Posts Tagged ‘ecophilosophy’

The Call of the Mountain

November 3, 2013

1500 metres above sea level, on the slope of the mountain Hallingskarvet, on the Hardangervidda plateau, stands “Tvergastein’, the cabin of Norwegian philosopher Arne Naess. The highest mountain hut in Scandinavia. The only structures higher, meteorological stations.

During his life he has spent nearly 12 years in this hut, where he wrote several books and essays on philosophy and ecology. In this film, Naess tells about the concept of ‘deep ecology’, which was first introduced by him in 1973. One of the basic tenets of deep ecology is that nature has a value in itself, apart from its possible use value to humans. Next to being a famous mountaineer, Naess has been a longtime activist in the environmental movement.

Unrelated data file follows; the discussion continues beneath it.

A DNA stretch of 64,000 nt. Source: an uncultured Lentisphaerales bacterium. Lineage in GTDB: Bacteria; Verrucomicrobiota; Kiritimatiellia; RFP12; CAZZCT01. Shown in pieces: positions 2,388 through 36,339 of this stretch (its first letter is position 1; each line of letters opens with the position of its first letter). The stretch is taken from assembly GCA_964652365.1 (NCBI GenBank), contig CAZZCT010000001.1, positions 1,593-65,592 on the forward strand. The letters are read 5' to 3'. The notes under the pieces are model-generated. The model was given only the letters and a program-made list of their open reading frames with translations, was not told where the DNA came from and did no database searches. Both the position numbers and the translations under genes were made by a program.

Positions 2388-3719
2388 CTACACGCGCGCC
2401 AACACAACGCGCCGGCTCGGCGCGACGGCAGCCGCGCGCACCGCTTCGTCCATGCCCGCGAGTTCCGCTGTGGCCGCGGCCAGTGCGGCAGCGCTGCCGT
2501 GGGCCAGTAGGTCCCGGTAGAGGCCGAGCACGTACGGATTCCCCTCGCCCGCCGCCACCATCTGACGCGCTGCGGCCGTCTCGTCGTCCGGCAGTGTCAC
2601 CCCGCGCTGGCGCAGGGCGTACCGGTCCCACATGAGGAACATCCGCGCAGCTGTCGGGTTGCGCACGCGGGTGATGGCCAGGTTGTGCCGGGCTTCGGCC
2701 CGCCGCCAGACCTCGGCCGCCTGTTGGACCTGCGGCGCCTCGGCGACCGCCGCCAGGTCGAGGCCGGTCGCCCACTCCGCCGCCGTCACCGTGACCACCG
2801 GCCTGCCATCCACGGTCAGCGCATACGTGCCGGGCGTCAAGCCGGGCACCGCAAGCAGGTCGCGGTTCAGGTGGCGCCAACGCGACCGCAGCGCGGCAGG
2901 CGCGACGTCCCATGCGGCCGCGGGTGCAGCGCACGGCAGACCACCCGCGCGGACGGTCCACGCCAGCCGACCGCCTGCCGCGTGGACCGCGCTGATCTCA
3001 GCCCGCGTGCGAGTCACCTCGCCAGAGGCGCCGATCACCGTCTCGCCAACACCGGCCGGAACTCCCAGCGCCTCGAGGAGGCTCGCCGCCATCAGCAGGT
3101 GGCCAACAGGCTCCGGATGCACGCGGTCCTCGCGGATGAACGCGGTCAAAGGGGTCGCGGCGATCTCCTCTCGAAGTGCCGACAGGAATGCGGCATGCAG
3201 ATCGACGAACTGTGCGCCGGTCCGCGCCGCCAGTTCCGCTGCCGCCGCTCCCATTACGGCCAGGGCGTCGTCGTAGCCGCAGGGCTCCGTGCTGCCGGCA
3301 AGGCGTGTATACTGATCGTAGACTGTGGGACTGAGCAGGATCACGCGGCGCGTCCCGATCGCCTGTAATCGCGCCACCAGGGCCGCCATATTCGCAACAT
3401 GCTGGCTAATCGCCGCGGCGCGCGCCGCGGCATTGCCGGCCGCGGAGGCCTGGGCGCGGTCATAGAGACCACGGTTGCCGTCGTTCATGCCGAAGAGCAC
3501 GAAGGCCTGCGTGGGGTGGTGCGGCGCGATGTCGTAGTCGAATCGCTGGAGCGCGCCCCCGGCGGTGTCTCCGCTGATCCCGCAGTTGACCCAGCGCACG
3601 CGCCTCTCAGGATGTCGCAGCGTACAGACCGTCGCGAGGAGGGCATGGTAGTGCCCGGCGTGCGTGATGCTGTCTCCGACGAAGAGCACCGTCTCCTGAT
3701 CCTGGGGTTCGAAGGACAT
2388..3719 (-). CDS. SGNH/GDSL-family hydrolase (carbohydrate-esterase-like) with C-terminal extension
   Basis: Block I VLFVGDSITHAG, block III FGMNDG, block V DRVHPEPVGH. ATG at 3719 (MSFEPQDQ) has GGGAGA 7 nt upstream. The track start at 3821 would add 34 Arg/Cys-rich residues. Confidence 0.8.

Arne Naess participated in blockade to prevent the Alta river in northern Norway (the area of the Sami, an indigenous people) from being dammed. Deep ecology is involvement, direct action. We are part of nature, not apart from nature.

Camped out in Death Valley, California, during 1984, George Sessions and Arne Naess draw up eight basic principles that describe deep ecology.

Contributions from Helena Norberg-Hodge, Vandana Shiva, Bill Devall, George Sessions and Harold Glasser.

Gods live in the mountains. Climb a mountain, and you will understand why.

Henry David Thoreau sat beside a pond, Arne Naess sat atop a mountain.

Arne Naess (1912-2009), Norwegian philosopher founder of deep ecology. He was greatly influenced, as were many at the time, by Silent Spring. He contrasted shallow with deep ecological thinking.

Deep ecology is the foundation of a branch of philosophy known as ecophilosophy, Arne Naess prefers the term ecosophy, that deals with the ethics of Gaia. Deep ecology describes deep ecological awareness. Deep ecology is a network concept.